Editor’s note: In my travels to Amish settlements from Maine to Montana over the past 25 years, I have seen varying views about hunting. As pacifists, the Amish generally shun guns for self-defense but, in a broader sense, guns used for hunting are generally accepted in Amish churches. Of course, views vary from church to church, but hunting is seen as a way to maintain self-sufficiency. — Kevin Williams
Deer hunting season has arrived!
Several weeks ago my husband promised our daughter, Julia, age 4, that he’ll take her along bow hunting sometime. She was all excited as I got her ready to go. It was a beautiful fall day, perfect for her to go with Daddy.
Deer hunting is a necessity here. Deer is our main meat supply in this community. Each year we are blessed with a bountiful supply of venison. Deer hunting varies from one Amish community to the next. I’m guessing at least several deer hunters could be found in most Amish settlements. In our area we have an exceptional amount of deer, so we rely on venison as our main source of meat. Most of the men, boys, as well as some girls, do quite a bit of hunting.
When Julia accompanied Daniel on the hunt, he located a spot on a friend’s property beside a pond where they stood side by side. The trees and underbrush around them served as excellent cover for any deer that might pass by.
It wasn’t very long before Julia was informing Daniel that she was ready to go home. Her boredom promptly ended when they spotted several deer. Unfortunately none of them came close enough for Daniel to get a shot at them. Even though they did not get a deer, it gave them a chance to spend some quality time together.
When Daniel returns home from hunting, the children and I enjoy greeting him at the door to see whether he has had a successful hunt. In spite of him going multiple times this year, he hasn’t been as successful as he has been in recent years. Last week one morning, he sat on his deer stand, waiting on the deer that just wouldn’t come. He then came to a realization about how hard he had tried to do all the right things for a chance to bag his deer. So he simply told God: “It’s up to you Lord. If you want me to shoot a deer, you are going to have to bring them to me.”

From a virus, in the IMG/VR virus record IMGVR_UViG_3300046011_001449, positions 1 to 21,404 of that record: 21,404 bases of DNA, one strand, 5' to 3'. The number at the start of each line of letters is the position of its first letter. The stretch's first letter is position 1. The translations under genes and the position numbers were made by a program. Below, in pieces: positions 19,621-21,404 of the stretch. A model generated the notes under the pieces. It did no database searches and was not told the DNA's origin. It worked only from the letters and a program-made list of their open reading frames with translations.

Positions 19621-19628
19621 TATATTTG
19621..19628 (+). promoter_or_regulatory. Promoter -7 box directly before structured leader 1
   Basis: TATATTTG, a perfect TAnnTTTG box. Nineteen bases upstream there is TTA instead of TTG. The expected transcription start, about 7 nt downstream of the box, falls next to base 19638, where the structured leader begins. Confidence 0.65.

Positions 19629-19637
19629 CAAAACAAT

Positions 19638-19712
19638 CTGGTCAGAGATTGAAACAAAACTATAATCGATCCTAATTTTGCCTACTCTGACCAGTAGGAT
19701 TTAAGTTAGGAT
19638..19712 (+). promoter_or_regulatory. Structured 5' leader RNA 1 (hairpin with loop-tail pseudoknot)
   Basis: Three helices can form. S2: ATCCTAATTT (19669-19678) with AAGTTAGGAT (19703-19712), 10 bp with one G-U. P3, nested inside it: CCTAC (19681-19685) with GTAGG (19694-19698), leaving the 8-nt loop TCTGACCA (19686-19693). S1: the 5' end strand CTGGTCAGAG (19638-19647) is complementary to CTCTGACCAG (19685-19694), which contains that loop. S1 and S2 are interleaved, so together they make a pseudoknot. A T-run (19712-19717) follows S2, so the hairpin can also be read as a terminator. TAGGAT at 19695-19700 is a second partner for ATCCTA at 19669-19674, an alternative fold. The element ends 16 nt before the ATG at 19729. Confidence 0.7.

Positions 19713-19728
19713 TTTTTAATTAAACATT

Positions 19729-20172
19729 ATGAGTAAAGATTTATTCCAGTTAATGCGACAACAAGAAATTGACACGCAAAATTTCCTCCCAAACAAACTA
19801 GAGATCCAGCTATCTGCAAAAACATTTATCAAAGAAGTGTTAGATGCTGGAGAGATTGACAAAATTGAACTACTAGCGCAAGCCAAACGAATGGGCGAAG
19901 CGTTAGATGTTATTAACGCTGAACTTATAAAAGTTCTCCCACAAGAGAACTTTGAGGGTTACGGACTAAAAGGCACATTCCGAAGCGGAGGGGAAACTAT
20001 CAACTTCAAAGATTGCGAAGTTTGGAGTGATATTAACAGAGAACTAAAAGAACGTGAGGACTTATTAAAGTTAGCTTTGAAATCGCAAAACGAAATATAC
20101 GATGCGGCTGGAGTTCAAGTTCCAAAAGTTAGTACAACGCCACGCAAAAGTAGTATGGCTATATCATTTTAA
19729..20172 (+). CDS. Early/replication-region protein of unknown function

He had prayed about it many times before but this time committed to God in a new way. After returning home that forenoon, he told me about his inspiration of just trusting God.
That evening, when Daniel returned to the woods once more, Julia and I had a special time of prayer for him. We asked God to bless him with a deer if it is not against His will.
When Daniel didn’t return home as early as he generally does, I started wondering if perhaps he had been successful. Finally the headlights of our tractor shone into the driveway.
“It’s Daddy!” I told the children and excitement reigned.
We’re always glad to have Daddy home and were eager to see if God perhaps had blessed him with a deer.
Opening the door, we quizzed him. “Did you get anything?”
“Come and see,” he responded with a smile.
We followed Daniel to the trailer which was hitched to the tractor.
My eyes widened. I felt like I was seeing things. Yes, God had certainly answered our prayers: Daniel had come home with a nine-point buck.
We cheered for Daniel. It was interesting to hear how he had bagged the buck just several minutes before dark which was about the same time Julia suggested we say a prayer again. I was amazed at Daniel’s strength, hearing about how he dragged the whopper of a buck to the tractor by himself. Later, when he weighed the deer after it had been field dressed, it weighed in at 205 pounds. No wonder he had to work so hard to get it loaded and was hungry as a bear when we sat down to eat supper together.
On opening morning of shotgun season, I plan to take my turn to head into the woods with Daniel. No, I won’t be shooting but we have a family tradition of the wives joining their husbands out in the woods on the first day of shotgun season.
Apple venison rings are an old faithful favorite of ours. I like using a blend of sausage and venison.
APPLE VENISON RINGS
2 pounds venison or sausage
½ cup chopped onions
1 cup grated apples
½ cup crushed crackers
1/3 cup barbecue sauce
2 teaspoons salt
½ teaspoon black pepper
1 teaspoon ground sage
1 teaspoon liquid smoke (optional)
Line a ring mold with plastic wrap.
Combine all ingredients and press firmly into mold. Chill several hours. Unmold onto a greased baking sheet with rimmed edges. Remove plastic wrap. Bake at 350 for one hour. Transfer onto lettuce-lined serving platter and fill with scrambled eggs if desired. Tasty and attractive.
Readers with culinary or cultural questions or stories can write to Gloria Yoder, 10568 E. 350th Ave., Flat Rock, IL 62427-2019. To see more on the Amish, go to www.amish365.com.